They have this listed as a "not-so great move" but I can't help but wish the Skins were doing this well. At the end of 2008 19 of the 30 draft picks we had made since 2004 were still with the team (this counts the late Sean Taylor). While that looks pretty good, you have to factor in that 9 of those picks were from the 2008 draft class and only Chris Horton had shown us anything at that point.

So what I see here and take away is that perhaps the combination of our scouting department and Allen will yield much better results.
 
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China

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Overall inefficiency. Of his 51 draft picks since 2004, only 23 were still with the Bucs at the end of the 2008 season. Of 33 unrestricted and restricted free agents signed under Allen, 17 weren't on the opening day roster in 2008.
I don't find this particularly encouraging, although admittedly it would be nice to have some stats from other teams to compare it to.
 

Neophyte

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Ok, so I don't have a lot of time but for grins I looked at the Pats over this same time (2004-2007). They seem to be the gold standard everyone holds up as far as building through the draft.

From 2004 to 2008 they had 41 draft picks. Of those 41 only 13 remain on the team today. I have to say I am stunned. Not only does that make Allen's record look a lot better, it makes the Skins record over the same time look better too.
 

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Allen made several of those moves because Jon Gruden wanted to continue to work with veterans and didn't want to take a step back and re-load as head coach. At that point Gruden because he had won the Super Bowl had the Owner's ear and there was an imbalance in the power share between GM and Coach.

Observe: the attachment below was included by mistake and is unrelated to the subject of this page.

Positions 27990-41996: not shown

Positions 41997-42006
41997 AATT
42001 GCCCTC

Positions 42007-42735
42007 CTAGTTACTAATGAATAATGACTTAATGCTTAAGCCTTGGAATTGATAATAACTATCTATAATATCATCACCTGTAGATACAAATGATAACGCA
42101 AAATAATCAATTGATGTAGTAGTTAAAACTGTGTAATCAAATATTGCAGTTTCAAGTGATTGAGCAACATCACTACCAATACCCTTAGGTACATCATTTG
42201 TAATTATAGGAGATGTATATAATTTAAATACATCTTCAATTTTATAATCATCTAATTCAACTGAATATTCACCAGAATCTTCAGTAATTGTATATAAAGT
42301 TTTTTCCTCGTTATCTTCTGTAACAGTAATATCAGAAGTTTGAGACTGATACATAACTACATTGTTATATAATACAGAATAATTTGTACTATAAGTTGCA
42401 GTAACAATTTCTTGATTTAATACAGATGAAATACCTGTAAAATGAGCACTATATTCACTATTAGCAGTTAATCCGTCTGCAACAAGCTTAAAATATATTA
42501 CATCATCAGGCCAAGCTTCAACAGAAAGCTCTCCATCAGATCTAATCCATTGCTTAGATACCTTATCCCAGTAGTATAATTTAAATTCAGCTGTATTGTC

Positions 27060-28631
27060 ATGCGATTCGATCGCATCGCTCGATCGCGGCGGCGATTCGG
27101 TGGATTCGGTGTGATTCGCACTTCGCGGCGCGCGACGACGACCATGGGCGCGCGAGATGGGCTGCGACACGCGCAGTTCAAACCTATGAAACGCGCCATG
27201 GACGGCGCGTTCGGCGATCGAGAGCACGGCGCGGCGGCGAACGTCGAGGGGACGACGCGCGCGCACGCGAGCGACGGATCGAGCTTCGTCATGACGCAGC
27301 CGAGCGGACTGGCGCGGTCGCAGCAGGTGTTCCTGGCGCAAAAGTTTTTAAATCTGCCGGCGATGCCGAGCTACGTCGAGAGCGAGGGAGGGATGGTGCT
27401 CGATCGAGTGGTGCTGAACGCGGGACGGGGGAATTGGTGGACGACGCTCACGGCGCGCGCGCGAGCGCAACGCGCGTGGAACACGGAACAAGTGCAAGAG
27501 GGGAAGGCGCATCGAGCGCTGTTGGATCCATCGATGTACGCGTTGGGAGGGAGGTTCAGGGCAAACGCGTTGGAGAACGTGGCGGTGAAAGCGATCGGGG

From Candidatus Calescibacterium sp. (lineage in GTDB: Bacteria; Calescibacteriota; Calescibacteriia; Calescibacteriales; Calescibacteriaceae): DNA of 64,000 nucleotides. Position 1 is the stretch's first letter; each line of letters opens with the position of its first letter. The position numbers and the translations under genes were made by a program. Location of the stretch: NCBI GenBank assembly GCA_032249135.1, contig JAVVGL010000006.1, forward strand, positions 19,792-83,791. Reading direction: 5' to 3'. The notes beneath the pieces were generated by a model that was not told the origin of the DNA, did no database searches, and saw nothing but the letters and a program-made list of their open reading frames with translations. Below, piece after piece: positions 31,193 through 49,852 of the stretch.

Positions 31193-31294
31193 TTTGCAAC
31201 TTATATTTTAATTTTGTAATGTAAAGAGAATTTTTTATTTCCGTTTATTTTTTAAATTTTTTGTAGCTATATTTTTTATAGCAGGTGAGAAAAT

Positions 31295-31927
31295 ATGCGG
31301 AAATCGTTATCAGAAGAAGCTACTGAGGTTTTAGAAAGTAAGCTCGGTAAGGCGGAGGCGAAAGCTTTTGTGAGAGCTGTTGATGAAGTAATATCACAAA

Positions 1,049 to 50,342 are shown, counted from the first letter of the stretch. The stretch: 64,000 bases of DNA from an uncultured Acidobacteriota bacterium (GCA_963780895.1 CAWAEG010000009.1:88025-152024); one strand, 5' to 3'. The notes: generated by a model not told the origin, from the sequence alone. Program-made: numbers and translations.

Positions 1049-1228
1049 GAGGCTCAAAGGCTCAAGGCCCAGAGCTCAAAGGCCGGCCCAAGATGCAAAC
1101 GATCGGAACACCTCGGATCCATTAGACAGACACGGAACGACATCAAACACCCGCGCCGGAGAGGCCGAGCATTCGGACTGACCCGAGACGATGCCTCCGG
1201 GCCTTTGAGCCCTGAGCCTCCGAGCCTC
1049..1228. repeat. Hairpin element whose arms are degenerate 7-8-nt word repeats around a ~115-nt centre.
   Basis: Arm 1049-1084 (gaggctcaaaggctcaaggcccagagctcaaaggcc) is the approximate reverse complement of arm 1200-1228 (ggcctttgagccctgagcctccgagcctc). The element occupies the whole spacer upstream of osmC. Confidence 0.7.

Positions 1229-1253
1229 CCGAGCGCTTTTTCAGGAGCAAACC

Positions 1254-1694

A similar situation started to happen here after Bobby Beathard left and Casserly became the GM. Joe Gibbs cast such a large shadow that Casserly had no choice in some cases but to trade picks or sign veterans because that's what Joe wanted to do.

Beathard in those first few years he was in Washington and ran the personnel department drafted and signed as UDFAs most of the 'core' players that stayed with Gibbs through his Super Bowl runs:

Joe Jacoby
Russ Grimm
Jeff Bostic
Art Monk
Darrell Green
Charles Mann
Dexter Manley

Later on the Redskins started signing and trading for more veteran players and the age of the team went up. The Redskins continued to win, but by the Super Bowl title in early 1992 the core players were all in their 30's and the cupboard was becoming bare.

The same thing happened in Denver with Shanahan. He bit off more than he could chew over the years as he became more involved on the personnel side. And the team suffered for it.
 

sonofDC

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Eh...not particularly impressive; though those early 2000s Bucs and Pats teams were pretty decent. Still, I'll give him a chance. I won't expect a Lombardi next year. I'll give him a 3-4 year honeymoon period since the firing of Vinny Cerrato was such happy news.